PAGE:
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Wood St Coffee is in Blackhorse Workshop, just off Blackhorse Lane in northeast Walthamstow. This is a largely residential area on the workshop side of the street, with more commercial activity on the other side, where Wood St has been joined by the likes of Square Mile and Minor Figures. Access is via a pedestrian alley, Sutherland Path, from Blackhorse Lane, or, if you’re driving, there’s vehicular access from Sutherland Road on the other side.

Either way, head into the yard, where you’ll find Wood St at the back on the left. There’s a slightly raised, gravel area out front which contains several six-person picnic tables, most of which are long and thin, but with one larger one thrown in for good measure. At the front, furthest from Wood St, six tables line up, side-by-side, with three lined up end-to-end at the back. The two on the left are long and thin, while the one on the right is double length and wider. A large gazebo covers the left-most of the front tables, providing shelter from the elements (rain for my visit!). Meanwhile, in a container to the left, in front of the outdoor seating area, is Wood St’s on-site roastery, although it’s only open by invitation.

There’s plenty more seating inside, accessible through red-framed glass double doors slightly offset to the right (ignore the door on the right-hand side of the building: this leads to some offices). Inside, Wood St occupies a rectangular space, slightly deeper than it is wide, with a high, sloping ceiling that gets higher the further back you go. It also has two rows of translucent panels running front to back, making for a very bright space, despite the paucity of windows. The counter fronts a semi-open kitchen in the back right-hand corner, with the bulk of the seating off to the left, leaving a relatively clear run from the doors to the counter, where you order and pay.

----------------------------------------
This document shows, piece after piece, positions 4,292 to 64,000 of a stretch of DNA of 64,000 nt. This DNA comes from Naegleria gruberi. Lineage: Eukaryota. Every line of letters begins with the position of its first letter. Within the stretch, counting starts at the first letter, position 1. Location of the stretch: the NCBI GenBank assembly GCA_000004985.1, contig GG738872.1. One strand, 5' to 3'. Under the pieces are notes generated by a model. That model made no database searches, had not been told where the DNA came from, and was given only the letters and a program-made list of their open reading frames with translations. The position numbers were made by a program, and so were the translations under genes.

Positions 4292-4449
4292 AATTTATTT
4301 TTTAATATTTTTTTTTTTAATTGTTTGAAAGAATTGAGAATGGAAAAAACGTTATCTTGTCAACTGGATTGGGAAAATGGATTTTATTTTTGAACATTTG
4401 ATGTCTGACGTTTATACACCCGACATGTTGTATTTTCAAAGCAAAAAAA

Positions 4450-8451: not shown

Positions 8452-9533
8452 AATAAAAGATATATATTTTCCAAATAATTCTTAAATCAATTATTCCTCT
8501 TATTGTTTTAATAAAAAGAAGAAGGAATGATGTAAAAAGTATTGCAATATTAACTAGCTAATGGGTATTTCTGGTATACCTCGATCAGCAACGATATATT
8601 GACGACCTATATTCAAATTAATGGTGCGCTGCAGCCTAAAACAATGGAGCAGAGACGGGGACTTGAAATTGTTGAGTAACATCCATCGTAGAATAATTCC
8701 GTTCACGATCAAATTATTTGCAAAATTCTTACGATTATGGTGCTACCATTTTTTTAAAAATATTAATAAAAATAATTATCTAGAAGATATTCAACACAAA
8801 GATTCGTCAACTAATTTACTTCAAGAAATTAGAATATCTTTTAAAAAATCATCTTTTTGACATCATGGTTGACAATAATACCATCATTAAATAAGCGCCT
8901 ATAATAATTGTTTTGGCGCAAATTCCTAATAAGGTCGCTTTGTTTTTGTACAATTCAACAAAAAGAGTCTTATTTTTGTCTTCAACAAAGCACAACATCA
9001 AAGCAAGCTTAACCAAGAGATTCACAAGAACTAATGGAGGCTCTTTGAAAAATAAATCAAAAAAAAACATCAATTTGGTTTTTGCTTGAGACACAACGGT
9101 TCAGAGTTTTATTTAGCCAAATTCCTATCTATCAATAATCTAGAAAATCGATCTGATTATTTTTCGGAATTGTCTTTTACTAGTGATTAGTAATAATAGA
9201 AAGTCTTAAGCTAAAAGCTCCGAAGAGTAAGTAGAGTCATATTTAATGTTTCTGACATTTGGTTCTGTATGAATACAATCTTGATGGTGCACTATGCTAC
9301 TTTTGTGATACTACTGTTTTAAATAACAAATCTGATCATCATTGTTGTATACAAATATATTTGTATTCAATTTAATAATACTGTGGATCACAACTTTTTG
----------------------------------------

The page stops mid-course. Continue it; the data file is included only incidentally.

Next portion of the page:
A row of seven square, two-person tables lines a box-bench against the left-hand wall, each table with a long, low stool. Next to that, in the front half of the space, just to the left of the door, a row of three two-person tables runs front-to-back with the same long, low stools on one side and neat, triangular stools on the other.

Two small two-person bars with high, plastic stools, stand against the front wall, one either side of the door. Finally, there’s an old, three-person sofa against the right-hand wall in front of the counter, with the menu chalked up on a blackboard above it.

I started with a lovely, smooth flat white made with the seasonal espresso, a Brazilian single-origin. This was the perfect start to my day, which was swiftly followed by breakfast from the weekend brunch menu. I kept it simple, selecting the poached eggs on sourdough toast, two nicely poached eggs on a single, large slice of toasted sourdough. If you are there during the week, there’s a more traditional breakfast menu, with a separate lunch menu offering wraps, toasties and salads.

Before I left, I had a quick tour of the roastery, which you can read all about its own Meet the Roaster feature, where I also give a little more of the history of Wood St and its owners, Gareth and Clare.

December 2019: Wood St Coffee was a runner-up for the 2019 Best Neighbourhood Coffee Spot Award.

www.woodstcoffee.co.uk +44 (0) 20 3005 3231
Monday 08:00 – 16:30 Roaster Wood St (espresso + batch brew)
Tuesday 08:00 – 16:30 Seating Tables, Sofa, Bars; Tables (outside)
Wednesday 08:00 – 16:30 Food Breakfast, Lunch, Cake
Thursday 08:00 – 16:30 Service Order at Counter
Friday 08:00 – 16:30 Cards Yes
Saturday 09:30 – 17:30 Wifi Free (with code)
Sunday 10:00 – 16:00 Power No
Chain No Visits 27th July 2019

Wood St has left a legacy in Walthamstow. Whether by chance or design, speciality coffee seems to grow in its footsteps. Not long after Wood St left Orford Road to move to the Blackhorse Workshop, Froth & Rind moved into the space next door, while back where it all started, on Wood Street itself, Dudley’s opened in March 2019, just a stone’s throw from the market.

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6 thoughts on “Wood St Coffee